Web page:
Thank you for all of your helpful suggestions. After carefully considering the idea of cutting my trunk, I dropped the rear instead. My TA is a 98 Vert, which left me with a few issues. Non-verts have a nice hatch for a trunk; the trunk lid can be opened up allowing for plenty of room to extract the pump. The verts have a flat trunk lid and a support dam that goes between the trunk and the top. This allows the height of 8 inches fit cutting tools (which is easily done) but, it also only leaves 8 inches of height to remove the fuel pump assemble (not so easily done in that short of a space). Also, (not sure if it is on all 4th gens) the neck on the fuel pump assemble are about 10 inches long and at the tip turn and travel another 4 inches to the left (this would make for one funky hole in the trunk).
Dropping the rear end of the car was not that big of an issue:
Remove rear tires, suspension, and muffler:
Unplug Fuel System:
Drop rear, remove tank:
Wire up new Walbro 255LPH Pump:
Make sure pump is secure:
Installation is opposite of removal!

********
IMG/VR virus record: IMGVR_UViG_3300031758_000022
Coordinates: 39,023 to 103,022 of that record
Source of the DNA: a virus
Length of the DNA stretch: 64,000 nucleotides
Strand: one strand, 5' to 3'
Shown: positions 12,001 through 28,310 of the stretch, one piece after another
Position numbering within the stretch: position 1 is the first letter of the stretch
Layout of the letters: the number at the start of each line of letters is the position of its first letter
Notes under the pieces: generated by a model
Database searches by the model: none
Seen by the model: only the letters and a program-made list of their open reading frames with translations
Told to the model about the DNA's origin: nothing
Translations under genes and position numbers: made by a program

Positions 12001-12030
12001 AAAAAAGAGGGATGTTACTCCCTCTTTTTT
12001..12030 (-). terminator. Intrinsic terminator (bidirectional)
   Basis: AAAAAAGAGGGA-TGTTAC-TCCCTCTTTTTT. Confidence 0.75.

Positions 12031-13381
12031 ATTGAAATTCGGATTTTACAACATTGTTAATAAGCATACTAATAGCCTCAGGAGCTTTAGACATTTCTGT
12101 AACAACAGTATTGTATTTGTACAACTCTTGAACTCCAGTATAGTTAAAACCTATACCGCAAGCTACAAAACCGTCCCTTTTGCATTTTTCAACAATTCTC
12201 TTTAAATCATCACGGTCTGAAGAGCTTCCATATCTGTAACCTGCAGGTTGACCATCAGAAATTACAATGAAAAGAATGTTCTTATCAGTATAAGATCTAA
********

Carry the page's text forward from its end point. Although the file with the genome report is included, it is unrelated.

Prime pump about 5 clicks, start car, and you are good to go.
The issues I saw with this project were time and patience. The suspension was replaced last year, so removing it was a snap. Fuel System just unplugs. If you have a welded muffler system, it will need removed. I have a Borla exhaust and we were able to unbolt it and slip it off. The exhaust system was a little stubborn, but it came out fine. The neck to the fuel tank is welded on. Dropping the tank was one of the most complicated parts of the project, but after trial and error the tank dropped. Here is a very important tip: when you are removing your fuel pump assembly, rotate the fuel pump assemble about 15 minutes clock wise; This will allow the float to clear the splash card inside of your fuel tank (install opposite of removal)! Putting the tank back up is just as tricky as taking it down, more trial and error. After the tank was back in place it was nothing more than lifting everything back into place, bolting it back up, and giving it a test fire.
Thanks again for all of your helpful suggestions.